Task routing and session factories:

task router and session factory are two brand-new components that allow for complete customization of the annotation flow. The task router determines how tasks should be distributed across annotators, while the session factory gives control over what should happen when a new session joins the annotation service.

We've provided some common-case defaults for both of these components. Apart from the known full or zero overlap, the user will now be able to specify the average number of annotations per example they are expected to get. More importantly though with these two components exposed any annotation protocol can be implemented. For example, tasks could be distributed based on the model score or the annotator's expertise. Please check out our guide to task routing for more details and ideas.

New Stream and Source classes

For Prodigy v1.12 we have refactored the internal representation of the stream of tasks and the underlying input source in a way that the stream object is aware of the source object, its type and how much of it has been consumed.

This allows us to provide more tractable progress tracking in projects where the target number of annotations is not known upfront. This was tricky when the stream was an opaque generator disconnected from the data source. In fact, we now distinguish between different types of progress in the front-end i.e. the progress (for custom functions), source progress (based on the progress through the input source) and the target progress (based on the set target). Since all these new progress bars have slightly different semantics be sure to check our docs on progress for extra context.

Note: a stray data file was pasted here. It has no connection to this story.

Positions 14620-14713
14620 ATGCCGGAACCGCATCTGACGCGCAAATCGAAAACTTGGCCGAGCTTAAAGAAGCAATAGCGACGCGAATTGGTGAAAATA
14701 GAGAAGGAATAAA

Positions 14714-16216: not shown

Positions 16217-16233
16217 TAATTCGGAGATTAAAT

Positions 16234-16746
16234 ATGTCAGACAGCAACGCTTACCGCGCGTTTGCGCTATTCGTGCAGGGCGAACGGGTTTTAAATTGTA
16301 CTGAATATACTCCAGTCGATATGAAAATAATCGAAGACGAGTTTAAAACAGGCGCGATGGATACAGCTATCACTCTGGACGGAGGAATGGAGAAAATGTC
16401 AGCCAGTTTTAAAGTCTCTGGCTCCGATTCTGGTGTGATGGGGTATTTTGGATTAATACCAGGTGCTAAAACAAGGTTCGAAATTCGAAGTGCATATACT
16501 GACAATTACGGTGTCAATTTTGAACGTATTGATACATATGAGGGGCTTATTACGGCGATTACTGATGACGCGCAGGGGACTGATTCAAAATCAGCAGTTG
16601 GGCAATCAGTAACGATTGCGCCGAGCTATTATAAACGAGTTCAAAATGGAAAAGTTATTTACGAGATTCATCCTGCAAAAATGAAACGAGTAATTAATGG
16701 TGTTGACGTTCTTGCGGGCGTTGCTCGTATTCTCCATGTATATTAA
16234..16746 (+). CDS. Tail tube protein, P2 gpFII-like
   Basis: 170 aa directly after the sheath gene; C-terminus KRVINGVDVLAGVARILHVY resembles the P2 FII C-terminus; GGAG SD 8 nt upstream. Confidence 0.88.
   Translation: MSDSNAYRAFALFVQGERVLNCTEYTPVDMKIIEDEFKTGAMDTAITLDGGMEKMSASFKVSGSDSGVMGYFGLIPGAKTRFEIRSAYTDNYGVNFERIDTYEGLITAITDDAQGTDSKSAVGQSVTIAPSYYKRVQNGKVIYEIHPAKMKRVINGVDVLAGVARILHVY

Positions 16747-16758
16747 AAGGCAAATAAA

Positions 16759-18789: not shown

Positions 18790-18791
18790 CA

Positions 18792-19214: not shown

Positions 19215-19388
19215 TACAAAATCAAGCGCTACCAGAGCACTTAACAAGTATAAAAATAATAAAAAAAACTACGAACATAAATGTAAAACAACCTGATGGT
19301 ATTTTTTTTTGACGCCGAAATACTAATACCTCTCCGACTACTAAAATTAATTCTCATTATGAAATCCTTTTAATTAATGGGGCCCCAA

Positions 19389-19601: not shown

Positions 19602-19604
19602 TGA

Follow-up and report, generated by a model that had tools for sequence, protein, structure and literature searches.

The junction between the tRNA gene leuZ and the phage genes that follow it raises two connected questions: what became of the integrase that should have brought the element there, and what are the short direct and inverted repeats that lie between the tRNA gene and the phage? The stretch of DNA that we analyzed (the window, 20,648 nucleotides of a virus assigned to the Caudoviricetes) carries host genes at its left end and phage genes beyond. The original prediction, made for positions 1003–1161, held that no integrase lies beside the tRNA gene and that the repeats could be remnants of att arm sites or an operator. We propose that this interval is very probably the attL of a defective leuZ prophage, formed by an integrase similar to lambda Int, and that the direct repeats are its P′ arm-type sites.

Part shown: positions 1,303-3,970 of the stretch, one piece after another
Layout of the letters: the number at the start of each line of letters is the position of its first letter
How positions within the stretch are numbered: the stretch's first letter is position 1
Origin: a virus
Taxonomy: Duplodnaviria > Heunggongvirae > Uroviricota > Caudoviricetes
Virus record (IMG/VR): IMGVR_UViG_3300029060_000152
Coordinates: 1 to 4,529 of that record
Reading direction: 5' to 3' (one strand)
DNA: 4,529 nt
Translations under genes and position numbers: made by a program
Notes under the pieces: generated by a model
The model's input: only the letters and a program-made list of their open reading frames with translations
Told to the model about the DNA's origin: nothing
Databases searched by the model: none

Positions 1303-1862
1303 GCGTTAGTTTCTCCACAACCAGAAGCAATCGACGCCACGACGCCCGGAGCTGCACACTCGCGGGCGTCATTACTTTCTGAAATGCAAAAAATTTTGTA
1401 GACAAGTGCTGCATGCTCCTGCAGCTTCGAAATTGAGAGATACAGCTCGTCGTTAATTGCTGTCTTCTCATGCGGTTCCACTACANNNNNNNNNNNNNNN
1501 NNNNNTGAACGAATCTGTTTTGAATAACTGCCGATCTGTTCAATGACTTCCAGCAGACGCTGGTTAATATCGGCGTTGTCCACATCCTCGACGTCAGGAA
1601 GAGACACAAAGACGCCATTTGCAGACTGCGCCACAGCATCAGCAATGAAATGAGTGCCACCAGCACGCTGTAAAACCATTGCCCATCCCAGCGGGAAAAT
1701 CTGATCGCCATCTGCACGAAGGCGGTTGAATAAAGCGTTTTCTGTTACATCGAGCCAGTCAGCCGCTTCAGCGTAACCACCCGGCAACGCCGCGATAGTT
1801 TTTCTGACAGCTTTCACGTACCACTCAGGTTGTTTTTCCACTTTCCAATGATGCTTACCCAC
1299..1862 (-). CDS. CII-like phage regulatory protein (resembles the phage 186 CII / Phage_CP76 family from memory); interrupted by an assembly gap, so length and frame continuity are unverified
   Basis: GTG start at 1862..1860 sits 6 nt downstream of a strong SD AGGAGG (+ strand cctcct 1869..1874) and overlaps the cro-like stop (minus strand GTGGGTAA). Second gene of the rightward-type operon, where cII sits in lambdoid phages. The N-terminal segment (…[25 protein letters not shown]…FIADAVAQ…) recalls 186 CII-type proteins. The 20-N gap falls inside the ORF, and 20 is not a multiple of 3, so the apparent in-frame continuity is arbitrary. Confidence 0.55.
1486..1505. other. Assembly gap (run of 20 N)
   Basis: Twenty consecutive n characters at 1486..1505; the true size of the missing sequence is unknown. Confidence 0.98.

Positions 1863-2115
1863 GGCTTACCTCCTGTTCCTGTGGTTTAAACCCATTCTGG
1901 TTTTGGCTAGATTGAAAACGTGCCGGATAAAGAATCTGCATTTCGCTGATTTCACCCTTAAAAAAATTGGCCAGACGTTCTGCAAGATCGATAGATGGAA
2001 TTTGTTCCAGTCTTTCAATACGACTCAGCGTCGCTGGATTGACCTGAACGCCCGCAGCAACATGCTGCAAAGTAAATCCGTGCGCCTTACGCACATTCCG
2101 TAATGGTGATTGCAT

In 1.12, we've also made several other changes like:

  • Python 3.11 support
  • A new filter_by_patterns recipe
  • Experimental support for training coref models
  • Parquet input files
  • Documentation on Prodigy deployments (including Docker containers)

Prodigy v1.13

Prodigy v1.14

  • improving CLI experience by switching to radicli for better error handling and type checking

gpt_button

This is an example of a custom event hook that updates the (LLM) model in the loop.

Upcoming releases will include:

  • introduce Structured Example feature preview which substitute a dictionary representation of annotation example for type-safe models with a clear separation of server and user annotations allowing for a more efficient storage, validation and analytics.

Prodigy v2.0

The recent updates in Prodigy were implemented with the future release of Prodigy v2.0 and Prodigy Teams in sight. For Prodigy v2.0, we are planning to upgrade the application end-to-end by:

  • supporting data validation through a system of type-safe models (aka Structured Example) for representing annotation examples.
  • supporting interactive, custom UI components via web components
  • open-sourcing the recipes and making the core library independent of spaCy allowing for easier integrations with other NLP libraries.
  • improving logging for easier debugging of custom recipes
  • enhanced functionality for image and audio UI's

Keep an eye out on this thread as we'll post more updates here.

Thanks again for all of your support!